No. 5601.

144 So.2d 249 (1962)


Court of Appeal of Louisiana, First Circuit.

Rehearing Denied September 25, 1962.

Attorney(s) appearing for the Case

Taylor, Porter, Brooks, Fuller & Phillips, by F. W. Middleton, Jr., Kantrow, Spaht & Kleinpeter, by Robert L. Kleinpeter, Baton Rouge, for appellants.

H. Alva Brumfield, Baton Rouge, for appellees.


LANDRY, Judge.

Plaintiffs herein, Glynace H. Norton and his wife, Anne Graves Norton, instituted this wrongful death action to recover damages for the accidental demise of their infant daughter, Robyn Bernice Norton, three months of age, who, on January 2, 1960, died in Baton Rouge General Hospital, of an overdose of the drug digitalis administered by injection. Named defendants herein are Argonaut Insurance Company, liability insurer of the Baton Rouge General Hospital; Mrs. Florence Evans, the Registered Nurse who administered the fatal hypodermic; and Aetna Casualty & Surety Company, liability insurer of Dr. John B. Stotler, the attending physician who issued the order for the medication administered by Mrs. Evans. A lengthy trial by jury in the court below resulted in judgment in solido against all defendants in favor of plaintiff, Glynace H. Norton, in the sum of $10,807.35 (including funeral and burial expenses in the sum of $807.35) and in favor of Anne Graves Norton in the amount of $13,000.00. All defendants have appealed and plaintiffs have answered the appeals praying that the awards be increased.

Defendant Aetna Casualty & Surety Company (sometimes hereinafter referred to simply as "Aetna") alleges the judgment against it to be erroneous in that its insured was free of negligence and alternatively contends the awards to plaintiffs herein are excessive and should be reduced. Mrs. Evans and Argonaut Insurance Company (liability insurer of Mrs. Evans' employer, Baton Rouge General Hospital), sometimes hereinafter referred to as "Argonaut") maintain the trial court and jury erred in (1) Finding that Mrs. Evans was guilty of negligence whereas the evidence shows she merely followed the orders of Dr. Stotler and in so doing exercised professional skill and care in keeping with that degree of skill ordinarily employed under similar circumstances by members of the nursing profession in good standing in the same community; (2) concluding that plaintiffs discharged the burden of proving their case by a fair preponderance of the evidence contrary to the law and evidence; and (3) alternatively, that the awards to plaintiff are excessive and should be reduced.

The sequence of events which culminated in the unfortunate and untimely demise of plaintiffs' infant daughter commenced shortly after the child's birth on September 29, 1959. Dr. Charles N. Bombet, the Norton's pediatrician, examined Robyn the day of her birth and attended her subsequently. At birth the child appeared normal but approximately two months thereafter she commenced to exhibit symptoms which prompted the mother to take her to Dr. Bombet for further examination. In early December, 1959, Dr. Bombet detected loud heart murmurs which indicated to him that the child was afflicted with congenital heart disease. At Dr. Bombet's suggestion, Dr. John B. Stotler, Cardiologist, and Dr. Charles Beskin, a specialist in heart surgery, were called in consultation. After examination, Doctors Stotler, Beskin and Bombet, in consultation, agreed that in all probability heart surgery was indicated to correct the congenital deformity noted. It was further agreed that prior to final determination regarding the proposed surgery, additional examination was desirable. With this view in mind, Dr. Stotler admitted the child to Baton Rouge General Hospital December 15, 1959 to conduct further tests and examinations deemed desirable under the circumstances.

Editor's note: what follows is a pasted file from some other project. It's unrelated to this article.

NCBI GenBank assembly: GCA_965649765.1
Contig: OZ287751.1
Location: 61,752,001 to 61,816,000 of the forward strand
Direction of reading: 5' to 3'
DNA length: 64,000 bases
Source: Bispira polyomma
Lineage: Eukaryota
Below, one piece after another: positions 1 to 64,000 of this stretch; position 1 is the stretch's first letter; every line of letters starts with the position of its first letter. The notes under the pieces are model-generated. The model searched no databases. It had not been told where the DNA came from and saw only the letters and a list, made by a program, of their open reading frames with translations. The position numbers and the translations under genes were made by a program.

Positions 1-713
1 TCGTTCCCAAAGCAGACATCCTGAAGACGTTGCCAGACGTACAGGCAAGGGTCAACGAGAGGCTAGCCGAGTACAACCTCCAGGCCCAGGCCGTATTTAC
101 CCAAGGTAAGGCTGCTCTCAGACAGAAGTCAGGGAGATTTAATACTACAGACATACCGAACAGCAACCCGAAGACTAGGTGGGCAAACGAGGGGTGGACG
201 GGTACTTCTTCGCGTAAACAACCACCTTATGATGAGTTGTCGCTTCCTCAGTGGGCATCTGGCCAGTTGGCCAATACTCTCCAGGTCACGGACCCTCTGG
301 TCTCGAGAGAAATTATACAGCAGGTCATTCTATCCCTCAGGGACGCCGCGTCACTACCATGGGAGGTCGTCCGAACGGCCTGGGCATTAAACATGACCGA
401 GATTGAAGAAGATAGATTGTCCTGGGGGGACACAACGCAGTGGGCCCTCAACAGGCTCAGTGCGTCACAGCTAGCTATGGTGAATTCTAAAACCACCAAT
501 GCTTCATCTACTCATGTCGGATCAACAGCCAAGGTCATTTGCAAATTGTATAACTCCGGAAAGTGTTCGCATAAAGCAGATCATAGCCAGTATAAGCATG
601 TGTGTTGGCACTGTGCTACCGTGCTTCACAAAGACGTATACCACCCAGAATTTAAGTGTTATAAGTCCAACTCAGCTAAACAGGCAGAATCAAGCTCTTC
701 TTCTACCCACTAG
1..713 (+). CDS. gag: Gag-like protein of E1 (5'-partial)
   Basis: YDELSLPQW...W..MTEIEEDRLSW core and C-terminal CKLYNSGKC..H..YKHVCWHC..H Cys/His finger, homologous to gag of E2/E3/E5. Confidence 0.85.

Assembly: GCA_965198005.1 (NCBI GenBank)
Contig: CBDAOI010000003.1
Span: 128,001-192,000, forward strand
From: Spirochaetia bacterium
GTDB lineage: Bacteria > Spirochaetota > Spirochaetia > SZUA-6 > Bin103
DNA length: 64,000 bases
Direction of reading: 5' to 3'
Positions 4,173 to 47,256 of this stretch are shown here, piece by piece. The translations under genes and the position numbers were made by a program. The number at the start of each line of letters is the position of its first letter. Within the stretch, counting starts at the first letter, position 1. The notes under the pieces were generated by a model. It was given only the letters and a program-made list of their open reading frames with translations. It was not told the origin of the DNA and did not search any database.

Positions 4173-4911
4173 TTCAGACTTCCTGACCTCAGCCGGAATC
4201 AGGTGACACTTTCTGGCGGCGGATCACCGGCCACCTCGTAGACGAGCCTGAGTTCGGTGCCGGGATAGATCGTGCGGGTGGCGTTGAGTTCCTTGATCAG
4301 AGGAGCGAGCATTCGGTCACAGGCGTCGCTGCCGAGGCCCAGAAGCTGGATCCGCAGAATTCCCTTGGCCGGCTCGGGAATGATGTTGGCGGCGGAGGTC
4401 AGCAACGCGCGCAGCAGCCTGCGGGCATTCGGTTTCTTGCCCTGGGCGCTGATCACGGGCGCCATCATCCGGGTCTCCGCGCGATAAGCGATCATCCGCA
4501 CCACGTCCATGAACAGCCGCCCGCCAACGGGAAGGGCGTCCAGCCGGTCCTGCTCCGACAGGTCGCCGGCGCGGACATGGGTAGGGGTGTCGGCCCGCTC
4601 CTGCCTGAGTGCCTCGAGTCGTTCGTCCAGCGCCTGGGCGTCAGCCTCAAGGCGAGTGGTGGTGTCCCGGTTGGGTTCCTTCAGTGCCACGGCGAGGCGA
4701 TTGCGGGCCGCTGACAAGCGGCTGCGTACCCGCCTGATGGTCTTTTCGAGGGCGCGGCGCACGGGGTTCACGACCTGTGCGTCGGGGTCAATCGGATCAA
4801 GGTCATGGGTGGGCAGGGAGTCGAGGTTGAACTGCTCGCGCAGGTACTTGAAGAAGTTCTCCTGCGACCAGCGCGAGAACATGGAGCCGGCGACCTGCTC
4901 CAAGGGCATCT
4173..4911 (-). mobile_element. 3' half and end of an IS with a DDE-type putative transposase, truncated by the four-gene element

On December 15, 1959, Dr. Stotler entered on the physician's order sheet (a hospital form whereon is noted and recorded the doctor's orders and instructions relative to medication and treatment to be given the patient) orders for various drugs including, inter alia, the following:

"Elixir Pediatric Lanoxin 2.5 cc (0.125 mg) q6h X 3 then once daily"

It is conceded by all parties that the foregoing order for medication meant that the patient was to be administered 2.5 ccs of the prescribed drug (known by the trade or brand name of "Lanoxin") every six hours for three doses and once daily thereafter.

There is no dispute that Elixir Pediatrix Lanoxin (hereinafter referred to simply as "Lanoxin") is in reality a derivate of digitalis and that because of its potency it is poisonous if administered in overdoses, therefore, it is to be used with caution and care. It is prescribed in the treatment of certain types of cardiac or heart patients. Briefly stated, the function of the drug is to increase the efficiency or strength of the pumping action of the heart while at the same time reducing the pulse thereby minimizing strain on that most vital organ. In the instant case, it appears that not only was the child's heart congenitally defective but also that her pulse rate was 140. According to the record the medicine comes in three forms namely (1) elixir or in alcohol solution which is administered orally or by mouth by means of a calibrated medicine dropper which is supplied with each bottle of the elixir; (2) pill or tablet form (somewhat similar to the common aspirin) which is likewise taken orally and (3) injectible liquid form which is contained in sealed ampules containing two cubic centimers each of the solution and which is administered by injection or hypodermic needle.